The pros and cons of an MFA (Master of Fine Arts) in creative writing are widely debated: on one hand, such programs offer students the opportunity to work with accomplished authors, whose expertise (and endorsements) could make all the difference in publishing their first book. On the other hand, such programs often come with a hefty price tag, with fully funded options few and far between.
But regardless of whether you go for an MFA, some things are critical to establishing a career as an author that you probably don’t know, unless you’ve learned them the hard way (or you’ve worked in publishing).
I say this as someone who went for an MFA and then went on to establish a career as both an author and an editor. And this is information I want to circulate widely—first, because I know how hard it is to have…
This debate featured back in 2016 by Nate Hoffelder on The Digital Reader about the vice and virtue entailed in buying used books—knowing full well that the author receives no compensation—resonated for me because I’ve been feeling guilty about my own Half-Priced Book purchases. I’m not sure I’m feeling less guilty, but at least I know that some defend the practice. The short argument is that used bookstores are where readers are created when they “discover” authors they come to love.
A couple of personal observations:
I’ve long been a fan of Dick Francis (and every horse person and most mystery readers should be as well, IMHO). I reached a plateau where I had overdosed on his formula and quit reading his new ones, and at some point I lost/gave away/never owned copies of his early books, among them some of his best. Off I went one day to my local B&N to pick up new copies and rekindle the relationship. NOT. B&N had none. Not even a recent title, for example those co-authored or authored by Francis’s son Felix in the writer’s final years and after his death.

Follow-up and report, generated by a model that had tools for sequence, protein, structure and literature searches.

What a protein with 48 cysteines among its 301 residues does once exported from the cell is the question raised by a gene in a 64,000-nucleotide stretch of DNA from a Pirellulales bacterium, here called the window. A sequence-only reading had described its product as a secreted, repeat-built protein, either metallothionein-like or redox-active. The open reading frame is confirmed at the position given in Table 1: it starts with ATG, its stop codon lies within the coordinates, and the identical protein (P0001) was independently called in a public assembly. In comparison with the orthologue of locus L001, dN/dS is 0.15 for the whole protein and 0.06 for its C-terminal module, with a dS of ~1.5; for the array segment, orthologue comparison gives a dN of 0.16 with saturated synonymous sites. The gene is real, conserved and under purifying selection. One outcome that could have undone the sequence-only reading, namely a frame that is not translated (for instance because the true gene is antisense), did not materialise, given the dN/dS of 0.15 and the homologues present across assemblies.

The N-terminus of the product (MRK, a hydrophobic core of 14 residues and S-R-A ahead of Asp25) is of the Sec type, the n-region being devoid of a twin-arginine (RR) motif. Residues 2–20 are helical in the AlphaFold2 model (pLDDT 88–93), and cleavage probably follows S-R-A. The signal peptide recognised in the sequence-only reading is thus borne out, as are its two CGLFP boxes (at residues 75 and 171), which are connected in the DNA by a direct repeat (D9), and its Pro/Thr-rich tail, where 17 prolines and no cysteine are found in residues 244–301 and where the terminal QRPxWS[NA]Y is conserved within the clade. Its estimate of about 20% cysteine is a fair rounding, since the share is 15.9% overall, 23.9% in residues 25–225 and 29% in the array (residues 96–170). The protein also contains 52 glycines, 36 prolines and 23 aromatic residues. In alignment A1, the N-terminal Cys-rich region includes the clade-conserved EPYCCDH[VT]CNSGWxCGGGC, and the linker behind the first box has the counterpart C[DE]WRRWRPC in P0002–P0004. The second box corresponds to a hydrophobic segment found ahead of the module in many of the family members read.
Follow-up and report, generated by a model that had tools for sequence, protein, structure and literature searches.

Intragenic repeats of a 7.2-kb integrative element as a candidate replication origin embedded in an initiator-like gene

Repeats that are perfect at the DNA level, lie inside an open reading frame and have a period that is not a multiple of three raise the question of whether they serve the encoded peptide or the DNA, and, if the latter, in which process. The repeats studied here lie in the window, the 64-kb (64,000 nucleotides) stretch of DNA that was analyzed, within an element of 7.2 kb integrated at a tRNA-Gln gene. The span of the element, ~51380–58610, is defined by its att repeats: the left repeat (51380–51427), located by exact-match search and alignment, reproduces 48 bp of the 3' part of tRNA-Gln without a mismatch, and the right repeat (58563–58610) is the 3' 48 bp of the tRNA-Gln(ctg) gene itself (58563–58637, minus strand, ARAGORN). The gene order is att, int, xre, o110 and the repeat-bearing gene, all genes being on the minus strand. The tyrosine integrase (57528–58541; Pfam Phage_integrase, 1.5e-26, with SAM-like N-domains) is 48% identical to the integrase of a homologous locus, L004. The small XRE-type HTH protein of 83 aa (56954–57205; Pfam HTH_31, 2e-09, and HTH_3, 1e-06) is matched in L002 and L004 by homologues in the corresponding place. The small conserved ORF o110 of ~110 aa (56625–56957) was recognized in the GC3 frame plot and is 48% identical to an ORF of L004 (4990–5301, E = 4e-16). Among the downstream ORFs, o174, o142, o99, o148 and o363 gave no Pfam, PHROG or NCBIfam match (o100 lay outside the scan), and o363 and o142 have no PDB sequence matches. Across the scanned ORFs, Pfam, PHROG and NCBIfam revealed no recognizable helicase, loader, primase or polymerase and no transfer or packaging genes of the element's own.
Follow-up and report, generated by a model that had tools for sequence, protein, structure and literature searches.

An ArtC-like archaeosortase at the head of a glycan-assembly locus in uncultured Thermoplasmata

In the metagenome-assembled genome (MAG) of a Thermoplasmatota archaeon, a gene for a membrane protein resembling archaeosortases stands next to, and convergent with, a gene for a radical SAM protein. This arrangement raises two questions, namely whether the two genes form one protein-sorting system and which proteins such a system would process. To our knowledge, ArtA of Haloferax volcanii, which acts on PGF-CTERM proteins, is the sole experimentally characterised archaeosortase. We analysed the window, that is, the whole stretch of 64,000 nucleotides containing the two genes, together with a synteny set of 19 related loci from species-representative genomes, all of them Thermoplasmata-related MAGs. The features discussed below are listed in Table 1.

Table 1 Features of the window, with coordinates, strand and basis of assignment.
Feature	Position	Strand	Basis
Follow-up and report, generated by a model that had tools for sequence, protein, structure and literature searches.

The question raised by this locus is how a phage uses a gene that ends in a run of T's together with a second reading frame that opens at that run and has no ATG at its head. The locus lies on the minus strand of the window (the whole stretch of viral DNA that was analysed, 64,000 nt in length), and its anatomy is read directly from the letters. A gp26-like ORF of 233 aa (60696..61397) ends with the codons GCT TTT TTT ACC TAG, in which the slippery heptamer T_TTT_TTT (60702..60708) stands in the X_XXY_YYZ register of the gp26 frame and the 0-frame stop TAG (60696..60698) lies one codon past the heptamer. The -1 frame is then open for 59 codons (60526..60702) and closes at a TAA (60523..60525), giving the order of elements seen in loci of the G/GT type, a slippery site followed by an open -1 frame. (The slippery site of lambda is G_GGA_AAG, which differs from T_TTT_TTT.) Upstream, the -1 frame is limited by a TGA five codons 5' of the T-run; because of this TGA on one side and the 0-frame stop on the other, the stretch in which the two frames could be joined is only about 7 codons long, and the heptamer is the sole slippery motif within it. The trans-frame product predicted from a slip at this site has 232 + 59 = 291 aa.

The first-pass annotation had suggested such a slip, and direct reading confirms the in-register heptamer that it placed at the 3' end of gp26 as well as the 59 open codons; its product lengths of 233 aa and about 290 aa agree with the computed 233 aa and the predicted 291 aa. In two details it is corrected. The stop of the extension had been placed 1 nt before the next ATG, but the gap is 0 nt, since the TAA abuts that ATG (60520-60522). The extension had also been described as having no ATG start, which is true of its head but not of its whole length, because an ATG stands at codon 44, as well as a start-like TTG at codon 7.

So off I went to HPB. I was able to find copies of Dead Cert, Nerve, For Kicks, Flying Finish, and many others. Now I often find more recent titles for my bedtime reading and find that Francis is as entertaining as I remember him.
I guess I could buy these on Amazon. Not from Kindle—I hate reading online at bedtime. But am I cheating Francis’s estate, or his son? In my defense, often the earlier titles are available only from third-party sellers, usually used booksellers themselves. What’s more, checking on Amazon for this post, I found that some of the older titles are being released only on Kindle, with all print editions relegated to third-party sources.
I do use HPB and other used bookstores to “discover” authors I might like. I often feel that my reading is too limited and that I ought to be more up to date with what EVERYONE is reading. Every time I venture into the store, I pick up a book by an author I’ve not yet sampled, sometimes by authors I’ve never heard of, or by authors who have been declared the Next Great Thing. Just to see. If I’m going to toss a book to the floor after forty pages, I’d rather it be a book I paid $3.99 for rather than $29.95.
Will I then pay full price for the next title of an author I like? Hmmm. I did pay full price for a new title by Sarah Waters and might again. But I must confess, I tend to search at HPB first.
I missed this debate when it was supposedly “raging,” but it seems to me worth continuing.
I like this discussion from Roz Morris (via Chris the Story Reading Ape) at Nail Your Novel. I’m struggling with revisions to endings and this post gives me some useful questions to ask.
Exposition! Eeek! In my case, not so much a sign that I didn’t “explain” earlier as that I worry that I didn’t explain clearly or explicitly enough. I’m converting an expository section to a scene between two of the characters left standing. Not sure yet if it’s working, but it’s better than what I had.
So make use of Roz’s advice if it pertains to you!
It’s hard to see the flaws in our own work, and the ending is especially a problem. We know ourselves how it’s supposed to pack its punch, or we hope we do, but will the reader?
Here’s a handy test.
You’ve seen arrests in movies. And you know, don’t you, that a person may harm their defence if they don’t mention any evidence they later rely on in court.
This is like story endings.
A good ending
First of all, what’s a good ending? It has a feeling of ‘rightness’, even if it has surprises, leaves questions or unresolved issues. It must be fair (to the reader, not necessarily to the characters). It mustn’t look arbitrary.
When an ending fails, it’s usually because it wasn’t sufficiently set up.
It fails the arrest test.
Which is this:
It may harm your story’s effectiveness if you fail to mention any evidence (about events…